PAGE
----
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So...

Although it's been years since I studied Japanese formally, I have decided upon invitation from a friend of mine to join a calligraphy class and relearn how to write Japanese 'letters' from scratch.

I have been going now twice a month since the end of summer, and I must say that it has been enlightening.

For example, many of you may know that there are two ways to write the hiragana "so" (そ). It can be written as one stroke or two. Currently, it is being taught at elementary school with the one stroke method, but this has not always been the case.

Apparently about 30 years ago, it was taught as two strokes, which is incidentally my preferred way to write it.

At about this time, a student mentioned, without going into detail, how the "proper" stroke order has changed for some kanji since she learned them at school many years ago.

One of the other students in the class (a high school teacher) said that she has heard that every so often the people in the Ministry of Education are told they need to work for a living, so they change something like this just to show something tangible from their tenure.

I don't know if this is true, but it does show me how relative things such as writing are. To say that "this is how it is" is a fallacy even with something as simple as how to write a simple letter.

Still, there remains much to be said about my own writing, and I really need to make it look a lot nicer. Although I still don't care about how my English looks any more than I ever did, I have finally come to not only understand but also 'feel' that in Japanese, how one writes is almost as important as what one writes.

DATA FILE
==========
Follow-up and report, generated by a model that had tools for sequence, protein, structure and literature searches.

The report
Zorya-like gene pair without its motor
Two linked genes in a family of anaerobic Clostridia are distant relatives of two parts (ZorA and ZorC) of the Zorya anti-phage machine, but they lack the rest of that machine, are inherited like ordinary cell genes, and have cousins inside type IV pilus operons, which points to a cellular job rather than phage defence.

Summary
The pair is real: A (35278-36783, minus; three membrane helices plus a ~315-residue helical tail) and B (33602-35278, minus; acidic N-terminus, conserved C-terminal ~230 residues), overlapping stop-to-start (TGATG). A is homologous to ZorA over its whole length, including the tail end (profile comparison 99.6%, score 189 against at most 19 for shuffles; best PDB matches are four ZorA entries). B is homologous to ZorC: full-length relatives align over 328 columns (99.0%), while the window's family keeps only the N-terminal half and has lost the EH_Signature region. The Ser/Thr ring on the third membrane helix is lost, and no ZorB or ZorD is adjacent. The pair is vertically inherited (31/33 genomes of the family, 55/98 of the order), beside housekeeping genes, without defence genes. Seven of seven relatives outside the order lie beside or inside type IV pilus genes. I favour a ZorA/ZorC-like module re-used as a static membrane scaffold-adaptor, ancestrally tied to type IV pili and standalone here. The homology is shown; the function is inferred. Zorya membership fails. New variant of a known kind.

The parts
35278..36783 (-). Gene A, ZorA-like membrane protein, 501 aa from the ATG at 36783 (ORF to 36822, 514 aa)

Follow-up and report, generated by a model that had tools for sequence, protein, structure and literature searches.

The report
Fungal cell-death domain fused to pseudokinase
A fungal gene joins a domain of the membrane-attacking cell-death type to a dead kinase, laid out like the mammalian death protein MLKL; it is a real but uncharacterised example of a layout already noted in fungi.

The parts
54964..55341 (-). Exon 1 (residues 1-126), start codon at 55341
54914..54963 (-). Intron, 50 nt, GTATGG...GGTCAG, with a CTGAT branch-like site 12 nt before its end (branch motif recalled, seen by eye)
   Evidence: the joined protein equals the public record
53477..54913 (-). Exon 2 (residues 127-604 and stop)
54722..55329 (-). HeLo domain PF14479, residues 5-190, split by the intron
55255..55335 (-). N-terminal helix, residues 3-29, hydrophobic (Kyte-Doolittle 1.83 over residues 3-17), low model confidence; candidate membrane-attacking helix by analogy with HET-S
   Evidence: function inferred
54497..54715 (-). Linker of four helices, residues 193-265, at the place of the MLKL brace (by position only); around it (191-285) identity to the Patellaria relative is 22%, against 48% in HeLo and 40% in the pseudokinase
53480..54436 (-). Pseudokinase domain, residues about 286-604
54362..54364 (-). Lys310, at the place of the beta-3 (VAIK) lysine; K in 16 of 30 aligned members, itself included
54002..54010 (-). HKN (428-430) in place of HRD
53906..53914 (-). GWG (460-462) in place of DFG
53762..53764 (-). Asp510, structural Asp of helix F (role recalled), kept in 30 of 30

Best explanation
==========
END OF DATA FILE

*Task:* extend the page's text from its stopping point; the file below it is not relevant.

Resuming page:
Although there may not be only one "correct" way to write things, some ways are definitely better than others.

Comments

Calligraphy is known for the most difficult thing on Earth thrue millenia's.
It's a big pain in the *** for me too because there are more ways to write one word. Look to the chinese calligraphy there are more then 12 ways to write ''sword'' :eek:

But Mikawa Ossan it's better you learn it, my quote to you is: You are never too old to learn new things.

Give it a shot! Who knows where it good for is:)
 
My grandfather studies and practices Japanese calligraphy. Apparently he is quite good, although he's far too humble to admit it. I remember showing him some of my hiragana and he immediately began correcting it all until my grandmother scolded him for being so critical instead of praising my efforts. This was just last year so the whole thing was hilarious to me, I didn't take any offense.

I think it's great that a culture can have a writing system that's based as firmly in the artistic presentation of the characater as it is in the content of the writing. I don't think anything like that really exists in the English language the same way. I can understand why many lament the keitai and how due to its widespread use young people are forgetting how to write kanji and not just read it.

Thanks for sharing, I'm sure people would love to see some scans of your calligraphy if it's convenient!
 
What can you do? Being critical is the Japanese way!

Scans of my calligraphy?

Well, I'm learning "ballpen calligraphy" so it's nothing very exciting. It's basically just a lot of the same letter over and over.
 
a late reply... but when we received your nengayo last year my parents in law and wife gave you a lot of compliments for your writing style
 
Thanks, Dutch.

Although you do realize that I could write like a preschooler and still be complimented just as much, right? Japanese people have extremely low expectations for foreigners when it comes to the written language (even lower than the spoken language, and that's saying something!)
 

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Mikawa Ossan
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